Lance Corporal Keys was among those killed
A grieving father whose son died in Iraq said he would walk to London from north Wales just to tell US president George Bush what he thinks of his war effort.
During his visit to the UK, Bush wants to offer his prayers and tell the bereaved families their loved ones did not die in vain.
But Reg Keys, who lost his 20-year-old son Tom in June 2003, said he holds Bush and Tony Blair responsible for his death.
"I don't know how the man (Bush) has the nerve to show his face in this country after costing the lives of 53 British servicemen," said Mr Keys, of Llanuwchllyn, near Bala.
Tom Keys died days before his 21st birthday.
He was one of six military policemen shot dead in Al Majar al-Kabir last June.
Bush's visit begins on Wednesday
The servicemen were chased into a police station and shot.
The British Army said all the deaths were murder.
Mr Keys said other nations had the "backbone" to stand up to waging war on Saddam Hussein.
Mr Keys said: "I haven't had an invitation for an interview with Mr Bush, if I did I would literally walk from Wales to London to meet the man, look him in the eye and tell what I think of him.
"They didn't die for a noble cause, they died for Bush's political reasons, they were just sacrificial lambs."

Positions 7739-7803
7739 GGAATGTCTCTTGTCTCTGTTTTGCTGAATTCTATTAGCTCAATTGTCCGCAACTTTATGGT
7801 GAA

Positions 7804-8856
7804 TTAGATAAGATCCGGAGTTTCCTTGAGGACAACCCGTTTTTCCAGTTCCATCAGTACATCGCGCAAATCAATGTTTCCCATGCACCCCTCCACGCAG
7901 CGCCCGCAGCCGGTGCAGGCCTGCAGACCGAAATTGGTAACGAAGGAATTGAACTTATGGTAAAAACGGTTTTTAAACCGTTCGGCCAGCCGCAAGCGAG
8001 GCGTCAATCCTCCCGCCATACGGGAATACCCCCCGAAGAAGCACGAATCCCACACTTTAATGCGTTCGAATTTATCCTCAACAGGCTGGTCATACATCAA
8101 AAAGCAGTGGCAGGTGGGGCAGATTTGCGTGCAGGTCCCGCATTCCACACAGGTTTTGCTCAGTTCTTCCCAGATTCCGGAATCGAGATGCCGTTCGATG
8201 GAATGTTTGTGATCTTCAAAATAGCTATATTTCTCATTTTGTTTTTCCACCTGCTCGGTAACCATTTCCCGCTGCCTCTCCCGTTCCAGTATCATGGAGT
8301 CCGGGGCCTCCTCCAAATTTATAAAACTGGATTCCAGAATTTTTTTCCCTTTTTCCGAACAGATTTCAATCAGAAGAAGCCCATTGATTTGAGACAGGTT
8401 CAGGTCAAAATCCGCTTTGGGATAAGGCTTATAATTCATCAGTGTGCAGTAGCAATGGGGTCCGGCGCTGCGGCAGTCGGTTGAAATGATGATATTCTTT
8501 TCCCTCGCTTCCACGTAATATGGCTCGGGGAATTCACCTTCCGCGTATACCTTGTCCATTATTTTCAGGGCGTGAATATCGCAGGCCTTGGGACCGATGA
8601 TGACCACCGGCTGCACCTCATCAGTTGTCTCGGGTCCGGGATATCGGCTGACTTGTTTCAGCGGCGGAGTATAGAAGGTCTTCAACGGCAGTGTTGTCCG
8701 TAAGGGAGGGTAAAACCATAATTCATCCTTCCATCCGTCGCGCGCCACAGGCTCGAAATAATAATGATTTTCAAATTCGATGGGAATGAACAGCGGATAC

Mr Keys has demanded to know why his son and his fellow officers did not have back-up.
And the acting rector Heather Fenton of the family's local church, St Deiniol's, has said the circumstances must make it harder for the family to come to terms with the death.
Mr Keys said little has been achieved by the war effort.
"As Tom used to say in his phone calls - 'Dad, you will never westernise this country, they will never be democratic, there are too many tribal factions in this country for it to be a democracy'."
"He felt they were getting nowhere, they would try to train Iraqi police, you couldn't trust them anyway, you could put them in charge of weapon searches and they would just let their friends drive through with weapons.
"He felt it was futile, they were trying to impose Western values on a country which would not be westernised."
Mr Keys, a former paramedic officer, said he has analysed his grief.
"Most people look for someone to blame and I have analysed this myself but logically I'm not," he said.